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Michael Avenatti tried to undermine Stormy Daniels’ credibility during cross examination by telling the jury that she talks to a doll on her paranormal TV show.

As he began what he claims will be his six-hour interrogation of the porn star, Avenatti said that she claimed she could communicate with the children’s toy named Susan on the show Spooky Babes. 

The doll is said to be haunted with the spirit of a young girl who died in the 1960s, according to the show’s website.

Avenatti, who is representing himself, told the jury in his fraud trial that Daniels also claimed that she had X-Ray vision and can see through buildings.

Daniels shot back that ‘Susan speaks to everyone on the show’, adding: ‘She even has her own Instagram.’

The sharp exchange took place on the fourth day of Avenatti’s trial for allegedly siphoning off $300,000 of an $800,000 book advance that Daniels was owed for her book Full Disclosure.    

Michael Avenatti tried to undermine Stormy Daniels' credibility during cross examination by telling the jury that she talks to a doll on her paranormal TV show

Michael Avenatti tried to undermine Stormy Daniels' credibility during cross examination by telling the jury that she talks to a doll on her paranormal TV show

Michael Avenatti tried to undermine Stormy Daniels’ credibility during cross examination by telling the jury that she talks to a doll on her paranormal TV show

Avenatti said that she claimed on 'Spooky Babes' that she could communicate with a doll named Susan

Avenatti said that she claimed on 'Spooky Babes' that she could communicate with a doll named Susan

Avenatti said that she claimed on ‘Spooky Babes’ that she could communicate with a doll named Susan

Daniels shot back that 'Susan speaks to everyone on the show', adding: 'She even has her own Instagram'

Daniels shot back that 'Susan speaks to everyone on the show', adding: 'She even has her own Instagram'

Daniels shot back that ‘Susan speaks to everyone on the show’, adding: ‘She even has her own Instagram’

Avenatti is pictured with Stormy Daniels in May 2018, before their professional relationship collapsed after she accused him of embezzling money from her

Avenatti is pictured with Stormy Daniels in May 2018, before their professional relationship collapsed after she accused him of embezzling money from her

Avenatti is pictured left with Stormy Daniels in May 2018, before their professional relationship collapsed after she accused him of embezzling money she made of her 2018 memoir Full Disclosure (right)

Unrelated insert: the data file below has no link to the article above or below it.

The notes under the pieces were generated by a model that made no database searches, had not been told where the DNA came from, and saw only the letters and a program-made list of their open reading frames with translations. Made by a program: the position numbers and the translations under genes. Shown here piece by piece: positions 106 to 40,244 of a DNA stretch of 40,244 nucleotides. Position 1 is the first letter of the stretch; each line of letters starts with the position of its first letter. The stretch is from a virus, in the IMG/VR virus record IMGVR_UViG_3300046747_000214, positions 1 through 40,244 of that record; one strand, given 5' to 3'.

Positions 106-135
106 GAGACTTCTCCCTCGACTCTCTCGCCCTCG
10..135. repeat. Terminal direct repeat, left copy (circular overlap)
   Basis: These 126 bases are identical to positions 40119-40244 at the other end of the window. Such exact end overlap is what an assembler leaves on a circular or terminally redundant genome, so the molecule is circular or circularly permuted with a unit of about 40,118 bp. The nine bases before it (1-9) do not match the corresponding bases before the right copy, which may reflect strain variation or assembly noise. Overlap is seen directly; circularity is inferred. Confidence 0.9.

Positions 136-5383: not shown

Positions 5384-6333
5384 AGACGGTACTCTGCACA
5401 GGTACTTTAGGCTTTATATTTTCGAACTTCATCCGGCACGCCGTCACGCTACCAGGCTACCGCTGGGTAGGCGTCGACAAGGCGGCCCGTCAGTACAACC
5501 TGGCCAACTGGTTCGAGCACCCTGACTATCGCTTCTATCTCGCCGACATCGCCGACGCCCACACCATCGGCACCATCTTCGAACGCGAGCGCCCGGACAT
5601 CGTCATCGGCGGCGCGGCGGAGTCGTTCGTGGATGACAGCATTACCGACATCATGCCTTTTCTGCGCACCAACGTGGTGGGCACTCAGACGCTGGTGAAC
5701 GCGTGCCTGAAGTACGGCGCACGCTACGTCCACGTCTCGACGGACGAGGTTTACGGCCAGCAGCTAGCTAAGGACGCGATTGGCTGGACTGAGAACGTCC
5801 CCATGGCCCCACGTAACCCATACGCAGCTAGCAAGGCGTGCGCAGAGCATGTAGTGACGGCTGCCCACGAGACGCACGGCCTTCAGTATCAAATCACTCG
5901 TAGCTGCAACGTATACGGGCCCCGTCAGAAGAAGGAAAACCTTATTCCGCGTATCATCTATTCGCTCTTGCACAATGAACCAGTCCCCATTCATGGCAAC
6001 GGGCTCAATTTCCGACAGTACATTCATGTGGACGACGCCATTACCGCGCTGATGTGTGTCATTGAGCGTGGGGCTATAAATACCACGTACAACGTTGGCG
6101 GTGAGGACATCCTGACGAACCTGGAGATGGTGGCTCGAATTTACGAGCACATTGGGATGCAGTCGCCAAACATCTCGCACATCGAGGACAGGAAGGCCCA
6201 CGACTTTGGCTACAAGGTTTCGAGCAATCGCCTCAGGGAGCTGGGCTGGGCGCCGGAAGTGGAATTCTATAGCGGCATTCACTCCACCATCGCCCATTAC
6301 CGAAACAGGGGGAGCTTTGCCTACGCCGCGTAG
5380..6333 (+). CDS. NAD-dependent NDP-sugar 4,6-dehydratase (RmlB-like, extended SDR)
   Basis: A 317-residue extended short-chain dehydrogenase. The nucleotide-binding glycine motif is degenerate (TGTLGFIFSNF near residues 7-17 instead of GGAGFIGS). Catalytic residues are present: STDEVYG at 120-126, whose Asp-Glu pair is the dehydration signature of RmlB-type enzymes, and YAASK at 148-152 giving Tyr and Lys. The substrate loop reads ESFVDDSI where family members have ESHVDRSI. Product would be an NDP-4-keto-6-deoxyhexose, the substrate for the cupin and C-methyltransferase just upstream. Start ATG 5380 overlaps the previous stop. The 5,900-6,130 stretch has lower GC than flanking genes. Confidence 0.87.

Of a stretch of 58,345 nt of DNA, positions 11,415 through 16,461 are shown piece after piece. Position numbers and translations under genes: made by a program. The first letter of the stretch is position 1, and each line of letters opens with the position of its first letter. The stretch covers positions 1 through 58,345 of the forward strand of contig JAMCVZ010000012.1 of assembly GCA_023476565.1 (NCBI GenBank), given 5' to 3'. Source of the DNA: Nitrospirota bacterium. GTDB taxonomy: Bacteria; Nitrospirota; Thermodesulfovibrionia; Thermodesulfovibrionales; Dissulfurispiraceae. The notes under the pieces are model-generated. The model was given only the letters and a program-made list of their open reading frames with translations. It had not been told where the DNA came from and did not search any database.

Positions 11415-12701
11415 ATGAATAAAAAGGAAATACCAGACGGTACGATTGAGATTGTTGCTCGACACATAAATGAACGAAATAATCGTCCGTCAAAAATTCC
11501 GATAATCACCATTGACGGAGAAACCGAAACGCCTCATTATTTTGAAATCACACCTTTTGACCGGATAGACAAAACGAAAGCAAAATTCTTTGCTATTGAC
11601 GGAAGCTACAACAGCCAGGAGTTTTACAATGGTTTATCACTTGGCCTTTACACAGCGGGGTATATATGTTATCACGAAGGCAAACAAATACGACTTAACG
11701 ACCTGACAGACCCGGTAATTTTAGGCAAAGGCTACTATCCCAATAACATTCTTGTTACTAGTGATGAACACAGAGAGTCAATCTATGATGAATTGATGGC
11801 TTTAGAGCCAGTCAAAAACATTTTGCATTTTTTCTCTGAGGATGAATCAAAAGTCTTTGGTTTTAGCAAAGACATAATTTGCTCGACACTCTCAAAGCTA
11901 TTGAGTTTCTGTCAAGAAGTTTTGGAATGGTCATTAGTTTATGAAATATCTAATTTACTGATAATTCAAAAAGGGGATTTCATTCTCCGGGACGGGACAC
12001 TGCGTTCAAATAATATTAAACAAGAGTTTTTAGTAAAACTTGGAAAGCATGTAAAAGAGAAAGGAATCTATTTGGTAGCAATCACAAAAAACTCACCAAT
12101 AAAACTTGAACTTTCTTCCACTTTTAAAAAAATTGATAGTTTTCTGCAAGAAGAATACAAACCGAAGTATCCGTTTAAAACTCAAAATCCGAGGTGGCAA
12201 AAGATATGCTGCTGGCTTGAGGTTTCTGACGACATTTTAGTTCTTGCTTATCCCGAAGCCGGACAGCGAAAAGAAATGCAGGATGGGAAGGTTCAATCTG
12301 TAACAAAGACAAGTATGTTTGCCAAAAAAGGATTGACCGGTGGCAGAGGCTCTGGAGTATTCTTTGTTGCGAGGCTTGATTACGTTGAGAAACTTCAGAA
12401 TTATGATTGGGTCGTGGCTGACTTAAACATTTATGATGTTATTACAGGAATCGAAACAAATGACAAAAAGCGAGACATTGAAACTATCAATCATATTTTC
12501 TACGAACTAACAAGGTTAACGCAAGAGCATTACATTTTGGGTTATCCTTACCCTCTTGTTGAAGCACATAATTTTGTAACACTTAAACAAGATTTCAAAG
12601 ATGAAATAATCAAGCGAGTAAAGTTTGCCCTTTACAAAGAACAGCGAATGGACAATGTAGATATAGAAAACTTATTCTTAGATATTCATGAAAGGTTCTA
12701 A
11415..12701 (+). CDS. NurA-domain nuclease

Earlier Thursday, Daniels walked into court wearing black heels, a black dress with a slit down her right shoulder and a flowing dark red cardigan.

She sat in the witness box – a plastic box with a filter inside it due to Covid protocols – and took off her mask before brushing back her blonde hair.

Asked by the prosecutor why Avenatti stopped being her lawyer in February 2019, Daniels said Thursday: ‘He stole from me and lied to me.’

Asked what in particular, she replied: ‘Payments from my publisher about my book.’

Susan the paranormal doll haunted with the spirit of a young girl who died in the 1960s 

Stormy Daniels claims she communicates with a haunted doll named Susan on her paranormal TV show Spooky Babes. 

According to the Spooky Babes website, Susan is one of the most unique haunted objects in the world. 

The show claims the doll is haunted by a young girl who tragically passed away in the 1960s.

‘Susan went to a private collection of world renowned origins until she was purchased by a man named John in 2011,’ the site reads. ‘Susan has always had an intensity to her, affecting those in her presence. 

Spooky Babes claims Susan has has made Marines jump, individuals cry and some question their sanity. 

‘It was not until Susan interacted with Stormy, however, that she became truly active and began to excel in the form of communication and even movement,’ the site claims. 

‘Witnesses have heard Susan speak, seen her eyes shift and even her physical body pivot and move. 

‘Susan is now officially part of the Spooky Babes family and even accompanies the team to certain locations to aid in communication with the spirits inside. Susan continues to take on an identity of her own and even has her own social media with photos of all of her haunted adventures.’